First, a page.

Shema – Hearing the Call in the Wild
By Rabbi Danielle Upbin
There are many ways to pray and many ways to affirm the unity of God. While prayer is portable and can be done from just about anywhere, there is something magical about the backdrop of the mountain and the chorus of nature to uplift our spirit. With our ears more attuned in the natural world, our hearts can open to the words that have kept our people together for 3000 years: “Shema Yisrael, Adonai Eloheinu, Adonai Echad/ Listen (hear this, pay attention), God is our God, God is One”.
To fulfill the words of Shema in the outdoors, we sometimes need to become very quiet. Our silence is an invitation to hear the voice of God more clearly, to feel the unity of Spirit, and to rest in the Oneness of it all.
This invitation to stop and listen occurs twice daily in Jewish prayer. The Shema is liturgically proscribed during the morning and evening services, as the biblical verse states: “when you rise up and when you go to sleep” /“u’v’shoch’becha u’v’kumecha” (Deuteronomy 6:7). The prayer has been described as the foundation of Jewish life because it conveys the primary belief that God is One. This was a new belief for our ancestors who dwelled among their ancient Near Eastern neighbors who believed in multiple gods or Animism.
In perusing Rabbi Isaiah Wolgemuth’s book, Guide to Jewish Prayer, I came across a passage that lends itself to the power of Shema, particularly, how the words are experienced in nature.
The author cites the Torah commentator, Avudrahom, who suggests that the word “Shema” itself contains a reference to several fundamental concepts in Judaism:
Shema (shin, mem, ayin) is an acrostic Se’u Marom Eynechem (lift up your eyes), which we should do Shacharit, Mincha and Aravit (morning, afternoon and evening). The message is that Shadai Melech Elyon (God is the Supreme King). If you do this, you will accept Ol Malchut Shamayim (acceptance of God’s sovereignty forever.) (P. 94)
I have been spending some time in nature over this summer at Camp Ramah in the North Georgia mountains. Joyful activities, as loud as they can sometimes be, are part of the spirit of Jewish summer camp. There are times, however, in Jewish life, when the human chorus gets quiet. At camp, the quiet is like a “rest note” in a grand symphony, creating a sacred silence that cedes to the crescendo of nature. Jewishly speaking, that “rest note” is sustained through the words of prayer, particularly in the Shema – the prayer that calls us to listen. Shema in the sacred mountain community, turns our full attention, not only to the glory of our surroundings, but also to the One who called it in to being.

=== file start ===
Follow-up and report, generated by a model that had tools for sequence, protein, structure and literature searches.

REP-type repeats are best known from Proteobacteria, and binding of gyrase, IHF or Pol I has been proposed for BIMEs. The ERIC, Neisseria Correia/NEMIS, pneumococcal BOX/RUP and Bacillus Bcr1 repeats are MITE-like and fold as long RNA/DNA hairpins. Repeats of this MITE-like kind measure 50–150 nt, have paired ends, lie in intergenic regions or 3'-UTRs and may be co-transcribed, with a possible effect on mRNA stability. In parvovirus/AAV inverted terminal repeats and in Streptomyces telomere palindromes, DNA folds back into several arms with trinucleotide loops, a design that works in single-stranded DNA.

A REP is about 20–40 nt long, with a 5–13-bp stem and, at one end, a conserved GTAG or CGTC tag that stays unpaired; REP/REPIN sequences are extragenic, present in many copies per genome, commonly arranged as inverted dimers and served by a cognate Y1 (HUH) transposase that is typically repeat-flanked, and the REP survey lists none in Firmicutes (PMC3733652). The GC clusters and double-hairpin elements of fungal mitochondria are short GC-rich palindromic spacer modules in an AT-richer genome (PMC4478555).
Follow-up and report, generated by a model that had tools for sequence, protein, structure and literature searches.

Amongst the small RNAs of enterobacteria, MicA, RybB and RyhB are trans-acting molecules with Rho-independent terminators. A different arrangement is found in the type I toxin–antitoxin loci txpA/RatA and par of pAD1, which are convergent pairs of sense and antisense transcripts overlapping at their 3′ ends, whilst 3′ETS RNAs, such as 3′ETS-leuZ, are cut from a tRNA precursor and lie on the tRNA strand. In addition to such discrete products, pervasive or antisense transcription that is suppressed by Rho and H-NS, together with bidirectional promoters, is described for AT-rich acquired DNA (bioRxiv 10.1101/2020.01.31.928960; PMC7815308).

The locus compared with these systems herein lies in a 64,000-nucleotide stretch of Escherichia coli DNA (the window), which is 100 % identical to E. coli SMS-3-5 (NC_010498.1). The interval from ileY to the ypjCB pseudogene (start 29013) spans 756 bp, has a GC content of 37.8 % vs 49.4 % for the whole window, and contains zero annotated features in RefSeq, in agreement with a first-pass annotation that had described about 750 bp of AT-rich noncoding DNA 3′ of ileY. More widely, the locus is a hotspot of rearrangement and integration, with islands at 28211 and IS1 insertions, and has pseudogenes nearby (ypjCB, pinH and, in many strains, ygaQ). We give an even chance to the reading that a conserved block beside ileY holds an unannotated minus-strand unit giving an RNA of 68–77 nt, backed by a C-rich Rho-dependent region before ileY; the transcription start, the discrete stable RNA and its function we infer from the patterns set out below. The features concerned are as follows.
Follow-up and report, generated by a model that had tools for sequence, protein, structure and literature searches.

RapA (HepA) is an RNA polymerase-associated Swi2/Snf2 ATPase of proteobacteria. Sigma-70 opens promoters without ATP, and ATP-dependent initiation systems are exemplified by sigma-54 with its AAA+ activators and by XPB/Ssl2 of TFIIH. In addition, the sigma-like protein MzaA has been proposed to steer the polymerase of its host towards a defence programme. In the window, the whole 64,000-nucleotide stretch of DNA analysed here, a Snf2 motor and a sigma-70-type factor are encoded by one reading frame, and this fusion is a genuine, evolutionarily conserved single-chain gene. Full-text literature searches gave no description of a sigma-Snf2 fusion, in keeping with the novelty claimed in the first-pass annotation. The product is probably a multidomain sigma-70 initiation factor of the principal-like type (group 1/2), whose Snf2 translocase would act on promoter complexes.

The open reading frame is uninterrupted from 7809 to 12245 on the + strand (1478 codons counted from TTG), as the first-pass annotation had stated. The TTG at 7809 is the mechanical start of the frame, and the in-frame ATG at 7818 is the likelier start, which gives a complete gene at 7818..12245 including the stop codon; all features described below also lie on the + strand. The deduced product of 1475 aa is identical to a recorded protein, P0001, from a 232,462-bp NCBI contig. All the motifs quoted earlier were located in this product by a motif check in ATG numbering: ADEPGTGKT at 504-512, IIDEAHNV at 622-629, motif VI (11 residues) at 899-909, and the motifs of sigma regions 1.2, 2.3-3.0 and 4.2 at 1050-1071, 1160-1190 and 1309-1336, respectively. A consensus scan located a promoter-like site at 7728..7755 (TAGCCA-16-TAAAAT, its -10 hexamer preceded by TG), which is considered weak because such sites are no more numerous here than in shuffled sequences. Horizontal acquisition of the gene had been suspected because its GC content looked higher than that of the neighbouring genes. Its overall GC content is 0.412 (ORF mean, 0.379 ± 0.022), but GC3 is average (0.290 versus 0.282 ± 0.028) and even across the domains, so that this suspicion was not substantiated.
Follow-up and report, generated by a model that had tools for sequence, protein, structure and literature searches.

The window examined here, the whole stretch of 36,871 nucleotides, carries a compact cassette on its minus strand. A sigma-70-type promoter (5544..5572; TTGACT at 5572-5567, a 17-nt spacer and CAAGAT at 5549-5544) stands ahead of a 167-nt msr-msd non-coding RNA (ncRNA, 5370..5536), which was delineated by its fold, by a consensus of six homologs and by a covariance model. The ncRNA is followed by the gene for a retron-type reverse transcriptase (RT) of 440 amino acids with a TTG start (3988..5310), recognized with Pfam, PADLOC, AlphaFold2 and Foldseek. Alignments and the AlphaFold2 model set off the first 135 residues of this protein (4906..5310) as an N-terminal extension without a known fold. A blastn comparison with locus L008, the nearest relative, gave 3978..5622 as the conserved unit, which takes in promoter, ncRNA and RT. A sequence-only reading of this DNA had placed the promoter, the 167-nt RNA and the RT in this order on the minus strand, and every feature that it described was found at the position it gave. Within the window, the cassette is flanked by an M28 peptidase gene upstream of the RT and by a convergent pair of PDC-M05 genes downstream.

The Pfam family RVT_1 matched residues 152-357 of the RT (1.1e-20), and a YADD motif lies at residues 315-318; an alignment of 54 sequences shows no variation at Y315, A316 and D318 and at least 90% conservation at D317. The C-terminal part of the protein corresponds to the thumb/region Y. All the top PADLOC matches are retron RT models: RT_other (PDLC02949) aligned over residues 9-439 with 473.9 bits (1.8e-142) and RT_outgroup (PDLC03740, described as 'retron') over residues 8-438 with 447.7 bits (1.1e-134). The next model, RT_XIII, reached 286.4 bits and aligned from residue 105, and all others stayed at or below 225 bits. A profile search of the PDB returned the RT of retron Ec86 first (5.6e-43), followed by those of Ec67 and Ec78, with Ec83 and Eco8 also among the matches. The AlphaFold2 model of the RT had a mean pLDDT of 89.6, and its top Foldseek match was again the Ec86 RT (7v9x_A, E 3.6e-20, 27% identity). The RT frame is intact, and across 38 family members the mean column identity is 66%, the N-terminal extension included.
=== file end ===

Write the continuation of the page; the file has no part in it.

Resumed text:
This past week, I encountered two profound “Shema Moments” connected to this teaching. The first one occurred during Kabbalat Shabbat, a special service to welcome the Sabbath attended by 700 camp residents. A phenomenon occurred. As we started to pray in the covered sports pavilion, a torrential rain hammered down on the tin roof above us, insistent and percussive, it drowned out our communal prayer. We tried to meet the power of nature by rising to our feet, clapping our hands, and singing on the top of our lungs. But how could we compete? Kol Adonai BaKoach – “the voice of God roars in might”. Ironically, we had just recited those words in Psalm 29 as part of our worship. On that night, these words meant something new. We realized that our collective voice had the power of one of those raindrops.
The rain continued for over an hour and eventually the whole camp lost electricity. In that moment, God’s voice was heard loud and clear, even awe-inspiring. In a way, it was silencing. With our eyes raised to the heavens, we knew that we couldn’t drown out the rain, but we could use the experience to create sacred memories while trying. By the time we reached the words of the Shema in the evening prayer, the pavilion was getting darker and the rain was getting louder. By then, however, every voice was lifted in unity and pride.
Sometimes we can’t help but hear the voice of God. Other times, though, it calls to us softly and we have to quiet ourselves to listen. A few days later, I attended a morning service with a smaller group of campers who were gathered by the lake. While we waited for some participants to finish their silent prayer, a counselor prompted the group to close our eyes and listen to our surroundings. On this clear, cool clear morning, we turned our full attention to what we heard: bird calls, leaves swooshing in a breeze, the babble of the distant creek, fish flopping around in the lake, buzzing insects – on that morning, the voice of God was a whisper in the mountainside.
While the words of the Shema are only proscribed twice a day, the invitation to listen is always available to us. Wherever we find ourselves in the chorus of nature, be it in the crescendo or the rest note, the thunder or the whisper, may our hearts and ears open to let the Voice in. May the serenity and the challenge of nature continue to inspire us and renew our spirits for generations to come.